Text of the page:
Meet the Advisory Board: How Theo Sowa envisions CAPSI as a facilitator of Africa’s future 

Theo Sowa | CAPSI Advisory Board

Meet the Advisory Board: How Theo Sowa envisions CAPSI as a facilitator of Africa’s future


Theo Sowa | CAPSI Advisory Board

There is much that we have learnt from our rich and diverse African history that we can use to strengthen our continent for the future.  The importance of nurturing communities, celebrating diversity and being deliberate about documenting the richness of our stories in our own voices, enables us to position the continent to prosper with Africans who are empowered with the tools to succeed.


Theo is a respected voice in international social development, whose work has impacted the lives of women and children across Africa. In addition to serving on international organisations boards, Theo leads the African Women’s Development  Fund (AWDF), the first and largest women’s fund in Africa, that supports women’s rights activism and organisations through access to funding, resources and networks. She is also a member of the CAPSI Advisory Board and recently shared her reflections on why it is critical that Africa invest in developing its own narrative around philanthropy and social investment. She shared with us her reflections and vision for CAPSI.


Giving, as a practice, is deeply rooted in African culture with many of us able to share examples of community care and inter–generational support on quick recollection. Africans can tell stories of how families and social groups came together in times of need with whatever resources they had available that resulted in deep and long-lasting outcomes. This nature of giving has always been done as a core value and has proved very sustainable in its application, passed on from generation to generation. However, even with this rich history, the sector of philanthropy is commonly misunderstood to be a Western practice, particularly with the rise of donor foundations.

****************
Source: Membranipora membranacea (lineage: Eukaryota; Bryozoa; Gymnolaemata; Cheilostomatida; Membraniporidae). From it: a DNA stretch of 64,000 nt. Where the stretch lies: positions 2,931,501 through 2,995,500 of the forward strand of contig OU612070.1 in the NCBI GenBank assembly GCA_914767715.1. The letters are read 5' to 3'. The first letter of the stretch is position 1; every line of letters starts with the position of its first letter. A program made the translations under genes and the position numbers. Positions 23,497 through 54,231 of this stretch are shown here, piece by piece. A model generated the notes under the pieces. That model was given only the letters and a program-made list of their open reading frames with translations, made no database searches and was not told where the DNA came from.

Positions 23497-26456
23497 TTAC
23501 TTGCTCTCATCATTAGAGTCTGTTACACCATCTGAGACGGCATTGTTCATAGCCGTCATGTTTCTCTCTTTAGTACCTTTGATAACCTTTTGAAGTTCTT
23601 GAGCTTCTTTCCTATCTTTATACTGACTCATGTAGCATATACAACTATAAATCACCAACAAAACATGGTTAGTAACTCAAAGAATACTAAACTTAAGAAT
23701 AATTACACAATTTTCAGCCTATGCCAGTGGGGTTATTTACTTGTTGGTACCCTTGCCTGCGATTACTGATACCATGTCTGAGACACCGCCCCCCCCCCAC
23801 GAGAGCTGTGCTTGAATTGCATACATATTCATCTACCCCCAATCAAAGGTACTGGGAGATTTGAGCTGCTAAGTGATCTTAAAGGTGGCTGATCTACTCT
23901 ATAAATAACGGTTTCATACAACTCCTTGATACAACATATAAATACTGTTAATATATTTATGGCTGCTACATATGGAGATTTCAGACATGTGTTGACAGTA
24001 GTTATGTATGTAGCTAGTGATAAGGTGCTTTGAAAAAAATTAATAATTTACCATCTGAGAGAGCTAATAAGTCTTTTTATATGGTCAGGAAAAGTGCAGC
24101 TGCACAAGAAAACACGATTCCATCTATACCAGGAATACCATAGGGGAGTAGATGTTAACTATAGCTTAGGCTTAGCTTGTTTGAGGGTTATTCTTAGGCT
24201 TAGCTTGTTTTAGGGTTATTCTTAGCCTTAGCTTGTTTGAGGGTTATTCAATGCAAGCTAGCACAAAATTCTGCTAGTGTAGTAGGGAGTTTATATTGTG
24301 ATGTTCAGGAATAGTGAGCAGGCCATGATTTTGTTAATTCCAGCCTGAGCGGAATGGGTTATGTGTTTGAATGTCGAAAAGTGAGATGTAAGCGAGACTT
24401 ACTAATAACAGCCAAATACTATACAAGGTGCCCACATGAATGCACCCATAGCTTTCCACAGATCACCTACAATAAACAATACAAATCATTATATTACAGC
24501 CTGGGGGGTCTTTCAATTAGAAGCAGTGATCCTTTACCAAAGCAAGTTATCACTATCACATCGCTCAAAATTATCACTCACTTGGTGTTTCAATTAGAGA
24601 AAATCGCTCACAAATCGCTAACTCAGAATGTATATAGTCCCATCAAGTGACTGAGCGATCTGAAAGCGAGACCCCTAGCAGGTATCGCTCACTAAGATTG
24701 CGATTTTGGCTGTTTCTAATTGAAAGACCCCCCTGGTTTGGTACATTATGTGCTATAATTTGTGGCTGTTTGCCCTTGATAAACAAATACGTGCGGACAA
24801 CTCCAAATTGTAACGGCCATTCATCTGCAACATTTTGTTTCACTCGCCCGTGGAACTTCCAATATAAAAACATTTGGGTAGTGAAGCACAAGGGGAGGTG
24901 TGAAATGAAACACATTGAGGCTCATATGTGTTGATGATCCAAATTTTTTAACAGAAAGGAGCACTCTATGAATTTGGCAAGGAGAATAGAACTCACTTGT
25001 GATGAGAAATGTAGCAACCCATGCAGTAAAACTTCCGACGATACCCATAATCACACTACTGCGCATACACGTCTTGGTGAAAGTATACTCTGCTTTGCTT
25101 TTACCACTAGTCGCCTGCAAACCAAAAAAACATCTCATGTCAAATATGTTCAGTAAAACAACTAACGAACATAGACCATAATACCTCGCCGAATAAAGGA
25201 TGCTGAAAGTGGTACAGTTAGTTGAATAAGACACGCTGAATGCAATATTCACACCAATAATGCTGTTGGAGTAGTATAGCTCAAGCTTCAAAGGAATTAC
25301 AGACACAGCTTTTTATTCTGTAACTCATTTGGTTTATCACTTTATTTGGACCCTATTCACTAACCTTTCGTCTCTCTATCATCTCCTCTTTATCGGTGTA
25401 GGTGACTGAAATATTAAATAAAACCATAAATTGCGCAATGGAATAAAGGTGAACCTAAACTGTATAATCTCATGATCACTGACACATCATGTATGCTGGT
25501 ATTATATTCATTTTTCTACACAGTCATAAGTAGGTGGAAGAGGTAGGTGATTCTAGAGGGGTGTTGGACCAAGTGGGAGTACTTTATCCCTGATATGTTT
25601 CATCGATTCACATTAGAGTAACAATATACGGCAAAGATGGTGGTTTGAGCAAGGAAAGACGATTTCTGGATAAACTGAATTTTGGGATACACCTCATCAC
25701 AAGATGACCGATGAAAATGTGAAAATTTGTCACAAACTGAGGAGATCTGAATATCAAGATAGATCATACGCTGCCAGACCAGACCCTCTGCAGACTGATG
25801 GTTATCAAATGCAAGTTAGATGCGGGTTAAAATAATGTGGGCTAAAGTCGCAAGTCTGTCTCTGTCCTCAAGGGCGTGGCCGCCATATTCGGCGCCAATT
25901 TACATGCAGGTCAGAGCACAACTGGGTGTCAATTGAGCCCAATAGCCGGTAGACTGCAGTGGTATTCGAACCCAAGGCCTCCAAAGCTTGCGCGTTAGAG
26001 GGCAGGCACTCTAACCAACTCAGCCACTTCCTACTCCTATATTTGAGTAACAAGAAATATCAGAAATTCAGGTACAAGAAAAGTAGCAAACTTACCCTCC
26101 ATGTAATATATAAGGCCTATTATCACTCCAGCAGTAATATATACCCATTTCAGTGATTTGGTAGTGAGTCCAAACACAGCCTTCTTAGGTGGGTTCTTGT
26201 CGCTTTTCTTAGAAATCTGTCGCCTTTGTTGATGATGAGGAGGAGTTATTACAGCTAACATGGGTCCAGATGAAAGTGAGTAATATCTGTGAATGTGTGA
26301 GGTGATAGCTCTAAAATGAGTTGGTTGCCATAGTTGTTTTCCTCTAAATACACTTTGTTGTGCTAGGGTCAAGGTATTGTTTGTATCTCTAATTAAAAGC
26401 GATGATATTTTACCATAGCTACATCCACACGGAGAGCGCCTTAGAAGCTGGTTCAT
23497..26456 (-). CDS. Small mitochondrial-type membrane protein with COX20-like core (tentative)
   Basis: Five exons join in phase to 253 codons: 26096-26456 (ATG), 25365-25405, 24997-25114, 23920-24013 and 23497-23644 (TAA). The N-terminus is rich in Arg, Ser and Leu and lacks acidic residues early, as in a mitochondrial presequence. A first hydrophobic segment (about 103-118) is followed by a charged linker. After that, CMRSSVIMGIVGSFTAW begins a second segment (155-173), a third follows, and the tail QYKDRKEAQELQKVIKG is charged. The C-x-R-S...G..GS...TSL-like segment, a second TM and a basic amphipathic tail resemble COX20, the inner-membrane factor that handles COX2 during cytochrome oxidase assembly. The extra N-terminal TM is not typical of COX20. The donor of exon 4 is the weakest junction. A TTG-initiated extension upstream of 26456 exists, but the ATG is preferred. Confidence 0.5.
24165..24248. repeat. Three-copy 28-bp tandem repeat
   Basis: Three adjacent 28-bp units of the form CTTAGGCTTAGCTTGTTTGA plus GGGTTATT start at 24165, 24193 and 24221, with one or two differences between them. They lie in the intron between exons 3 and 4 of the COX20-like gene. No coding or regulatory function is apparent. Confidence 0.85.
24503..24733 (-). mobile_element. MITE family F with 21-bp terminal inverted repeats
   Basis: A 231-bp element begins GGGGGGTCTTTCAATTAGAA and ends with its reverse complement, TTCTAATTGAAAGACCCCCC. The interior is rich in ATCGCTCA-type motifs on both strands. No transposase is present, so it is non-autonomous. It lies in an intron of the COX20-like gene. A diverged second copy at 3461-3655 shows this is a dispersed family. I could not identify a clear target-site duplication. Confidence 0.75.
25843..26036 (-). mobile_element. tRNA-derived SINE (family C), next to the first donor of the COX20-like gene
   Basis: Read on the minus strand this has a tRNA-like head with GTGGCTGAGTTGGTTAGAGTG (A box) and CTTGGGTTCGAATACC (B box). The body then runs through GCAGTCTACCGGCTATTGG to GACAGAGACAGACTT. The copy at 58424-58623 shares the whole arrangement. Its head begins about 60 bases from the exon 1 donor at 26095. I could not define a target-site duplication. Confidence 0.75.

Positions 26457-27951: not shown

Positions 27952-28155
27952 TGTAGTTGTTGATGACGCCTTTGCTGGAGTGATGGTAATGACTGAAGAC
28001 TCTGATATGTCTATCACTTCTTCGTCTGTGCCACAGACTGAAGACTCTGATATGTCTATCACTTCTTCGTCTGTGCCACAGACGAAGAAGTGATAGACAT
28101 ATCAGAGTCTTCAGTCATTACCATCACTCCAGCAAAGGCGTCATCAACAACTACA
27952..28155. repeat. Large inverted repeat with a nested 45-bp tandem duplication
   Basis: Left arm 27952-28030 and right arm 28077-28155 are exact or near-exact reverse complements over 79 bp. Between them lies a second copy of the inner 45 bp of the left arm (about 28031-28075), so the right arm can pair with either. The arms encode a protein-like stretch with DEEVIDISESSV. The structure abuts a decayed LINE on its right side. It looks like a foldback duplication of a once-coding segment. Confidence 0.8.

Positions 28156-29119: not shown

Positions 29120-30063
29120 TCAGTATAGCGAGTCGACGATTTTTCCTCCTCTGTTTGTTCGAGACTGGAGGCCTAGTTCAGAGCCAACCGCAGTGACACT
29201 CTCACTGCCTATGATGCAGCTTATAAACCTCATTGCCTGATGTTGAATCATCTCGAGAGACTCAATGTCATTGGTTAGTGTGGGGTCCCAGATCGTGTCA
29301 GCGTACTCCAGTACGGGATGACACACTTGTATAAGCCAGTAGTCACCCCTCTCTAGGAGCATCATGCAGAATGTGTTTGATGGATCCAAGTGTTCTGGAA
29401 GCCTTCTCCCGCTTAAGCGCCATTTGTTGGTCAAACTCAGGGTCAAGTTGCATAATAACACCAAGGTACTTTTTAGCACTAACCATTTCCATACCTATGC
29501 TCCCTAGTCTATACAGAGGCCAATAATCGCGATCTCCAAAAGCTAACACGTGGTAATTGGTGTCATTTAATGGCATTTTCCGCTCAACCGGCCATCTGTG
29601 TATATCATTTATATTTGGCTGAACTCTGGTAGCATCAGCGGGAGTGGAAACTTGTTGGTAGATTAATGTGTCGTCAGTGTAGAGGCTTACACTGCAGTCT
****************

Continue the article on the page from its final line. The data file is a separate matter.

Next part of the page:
More notably and critically, philanthropy is incorrectly perceived to be done to Africans to rather than by Africans.  Theo says, “It’s really frustrating that there is an incorrect perception across the globe that says that philanthropy is done to Africans, yet our experiences and knowledge show us that Africans have been involved in philanthropy for generations upon generations. And while philanthropy can be vertical in the context of larger foundations, in much of Africa it is predominantly horizontal in its operation.’”


Some of the stories of African giving include that amazing generation of grandmothers who stepped in to care for children at the height of the HIV/AIDS crisis in Africa; the diaspora Africans building communal infrastructure in their home countries; communities that create systems in response to the needs of bereaved members and their families in their time of mourning – almost always a financially and emotionally challenging period. Yet these acts of giving sadly pale when placed next to the volume of  foundations’ giving, despite their deep relevance in daily lives. “Sometimes our African elders  had little in the way of material wealth, yet they continually gave from the core to care for their immediate and extended families and communities. The percentage of their giving, when compared to that of some of the more high-net worth individuals, is worth far more; but they are not celebrated as philanthropists who helped change the trajectory of communities and nations,” says Theo.


This challenges us to proactively begin changing that perception through storytelling, studying more aspects of African history, and encouraging the traditions of giving in current and future generations.


Theo believes that in this context, CAPSI plays a connecting role as a centre that raises the profile of African giving in a way that is authentic, allows for development and can be celebrated. Through this, future generations of Africans will have a gold mine of knowledge to develop and nurture the practice of giving. She continues, “Through CAPSI, we as Africans have the opportunity to tell our stories around giving while studying and developing the practice in authentically African, nuanced ways.”